Nearly a decade ago, global news outlets reported vast ice melt in the Arctic as sapphire lakes glimmered across the previously frozen Greenland Ice Sheet, one of the most important contributors to sea-level rise. A new study reveals the long-term impact of that extreme melt. Using a new approach to ice-penetrating radar data, a team of scientists, including Winnie Chu, assistant professor in the School of Earth and Atmospheric Sciences, has shown that this melting left behind a contiguous layer of refrozen ice inside the snowpack. Most importantly, the formation of the melt layer changed the ice sheet’s behavior by reducing its ability to store future meltwater.
ScienceBlog , Apr 20, 2021
As studies show that the stress of the Covid-19 pandemic significantly contributes to rising alcohol consumption, two alumni of the Georgia Institute of Technology's College of Engineering now offer an increasingly popular solution to curb or eliminate alcohol abuse: a sobriety app called Reframe. Kimberly French, assistant professor in the School of Psychology, explains how feelings of isolation, with limited remote options for seeking help, caused a spike in alcohol abuse during the pandemic.
Georgia Tech College of Engineering , Apr 19, 2021
Free electron lasers (FELs), which are driven by kilometer-long linear accelerators, emit bursts of short-wavelength light lasting one quadrillionth of a second. As a result, they can act as strobe lights for viewing the fastest events in nature — atomic or molecular motion — and therefore promise to revolutionize our understanding of almost any kind of matter. New research shows how to measure the super-short bursts of high-frequency light emitted from FELs. One of the co-authors of this study is Rick Trebino, professor in the School of Physics.
Science Magazine, Apr 14, 2021
This edition of Georgia Tech Alumni Magazine focuses on the ethical considerations of recent science and technological developments, and how the Institute's vision and values play into researching these issues. Included in articles about top ethical issues such as artificial intelligence, social media, and data privacy, is this explanation from Michael Goodisman, an associate professor in the School of Biological Sciences, about genetic testing.
Georgia Tech Alumni Magazine, Apr 13, 2021
The American Chemical Society's 2021 winner of its prestigious Priestley Medal is a pioneer who devloped now-widely-used solution-phase colloidal chemistry methods for synthesizing and precisely controlling the fundamental components — the nanocrystals — that underpin much of nanotechnology. Georgia Tech's own nano pioneer, National Medal of Science winner Mostafa El-Sayed, Regents' Emeritus Professor in the School of Chemistry and Biochemistry, shares his thoughts on A. Paul Alivisatos' contributions to science.
Chemical and Engineering News , Apr 12, 2021
UrbanHeatATL is using community-driven science to map urban heat islands in Atlanta to better understand how extreme heat impacts Atlanta’s most vulnerable residents. During a kickoff panel hosted by the Atlanta Science Festival, experts noted the strong links between extreme heat and historic racism, including redlining, that place low-income communities of color at disproportionate risk.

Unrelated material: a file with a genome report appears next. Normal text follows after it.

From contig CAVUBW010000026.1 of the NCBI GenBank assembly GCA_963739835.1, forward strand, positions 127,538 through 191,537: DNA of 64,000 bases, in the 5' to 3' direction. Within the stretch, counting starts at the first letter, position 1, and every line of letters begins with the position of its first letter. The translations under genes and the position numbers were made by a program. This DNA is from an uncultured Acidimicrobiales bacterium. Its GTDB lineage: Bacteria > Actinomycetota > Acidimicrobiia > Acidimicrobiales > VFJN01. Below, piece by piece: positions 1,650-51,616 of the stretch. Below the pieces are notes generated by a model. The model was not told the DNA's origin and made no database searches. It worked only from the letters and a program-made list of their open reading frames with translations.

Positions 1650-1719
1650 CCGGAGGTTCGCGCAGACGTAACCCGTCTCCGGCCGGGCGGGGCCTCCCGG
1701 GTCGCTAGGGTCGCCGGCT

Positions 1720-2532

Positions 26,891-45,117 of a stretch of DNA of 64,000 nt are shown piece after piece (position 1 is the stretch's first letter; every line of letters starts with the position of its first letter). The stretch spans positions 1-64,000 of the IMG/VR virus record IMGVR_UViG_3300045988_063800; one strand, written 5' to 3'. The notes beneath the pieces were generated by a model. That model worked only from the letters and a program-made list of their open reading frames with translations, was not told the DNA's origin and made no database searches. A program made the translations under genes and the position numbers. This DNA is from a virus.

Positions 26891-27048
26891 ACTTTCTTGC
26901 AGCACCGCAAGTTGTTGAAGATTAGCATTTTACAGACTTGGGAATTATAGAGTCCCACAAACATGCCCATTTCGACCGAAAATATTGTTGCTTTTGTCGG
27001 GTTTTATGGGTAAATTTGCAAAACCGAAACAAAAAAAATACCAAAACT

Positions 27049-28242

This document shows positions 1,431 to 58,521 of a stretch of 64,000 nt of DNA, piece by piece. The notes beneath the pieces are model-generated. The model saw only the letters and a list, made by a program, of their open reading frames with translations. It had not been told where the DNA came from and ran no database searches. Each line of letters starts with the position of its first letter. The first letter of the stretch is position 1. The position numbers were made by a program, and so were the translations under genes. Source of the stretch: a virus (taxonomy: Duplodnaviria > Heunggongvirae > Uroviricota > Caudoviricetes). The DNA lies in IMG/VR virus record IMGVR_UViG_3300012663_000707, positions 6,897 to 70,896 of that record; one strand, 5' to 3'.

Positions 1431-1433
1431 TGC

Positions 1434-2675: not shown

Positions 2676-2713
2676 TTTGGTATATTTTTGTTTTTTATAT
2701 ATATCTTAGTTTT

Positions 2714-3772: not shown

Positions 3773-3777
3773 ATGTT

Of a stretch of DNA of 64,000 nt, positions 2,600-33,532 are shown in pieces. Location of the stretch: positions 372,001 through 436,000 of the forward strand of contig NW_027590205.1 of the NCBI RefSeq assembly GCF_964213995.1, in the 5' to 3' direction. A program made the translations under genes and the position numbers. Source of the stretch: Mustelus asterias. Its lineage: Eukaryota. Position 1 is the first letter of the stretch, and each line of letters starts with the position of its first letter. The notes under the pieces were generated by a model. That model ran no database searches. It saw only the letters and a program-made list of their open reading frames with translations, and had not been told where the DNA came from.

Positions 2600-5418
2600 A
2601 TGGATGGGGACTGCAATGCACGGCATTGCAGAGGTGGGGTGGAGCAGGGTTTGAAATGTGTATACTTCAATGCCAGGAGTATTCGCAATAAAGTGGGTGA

Global Change Program, Apr 12, 2021
Dr. Valerie Montgomery Rice, President and Dean of the Morehouse School of Medicine who received a B.S. in 1983 from the School of Chemistry and Biochemistry, joins GPB host Bill Nigut to talk about a successful initiative to address vaccine skepticism among African-Americans. And as more shots get into arms, Joshua Weitz, School of Biological Sciences professor who has been heavily involved in modeling Covid-19's spread, speaks on the impact of Georgia's decision to drop pandemic restrictions.
Georgia Public Broadcasting , Apr 9, 2021
It's what we should have told our middle school teachers when they caught us staring off into space in class: Daydreaming can be "a powerful mental health tool," according to this Popular Science story. The argument is backed up by a 2019 study led by School of Psychology researchers who noted that participants improved work performance and emotional states thanks to some mind wandering.
Popular Science, Apr 7, 2021
Climate change has sparked a mass exodus of nearly 50,000 marine species from warming waters at the equator toward the poles, study reveals
The study's researchers, led by the University of Auckland, found a mass exodus of nearly 50,000 species including fish, mollusks, birds and corals that have moved poleward since 1955. Kim Cobb, Georgia Power Chair and Advance Professor in the School of Earth and Atmospheric Sciences, wasn't involved in the study, but weighs in on how fast the Earth's temperature has risen due to human activity.
Daily Mail UK, Apr 5, 2021
On this episode of the Connected Aircraft Podcast, Sally Ng, associate professor in the School of Chemical and Biomolecular Engineering, who has a joint appointment with the School of Earth and Atmospheric Sciences, discusses the results of a study on in-flight cabin air quality recently published in the Journal of Indoor Air. Supported by Delta Air Lines, the research may be the first to comprehensively measure particle concentrations likely to be encountered by passengers from terminal to terminal. (Ng also has a joint appointment with the School of Civil and Environmental Engineering.)
Aviation Today , Apr 2, 2021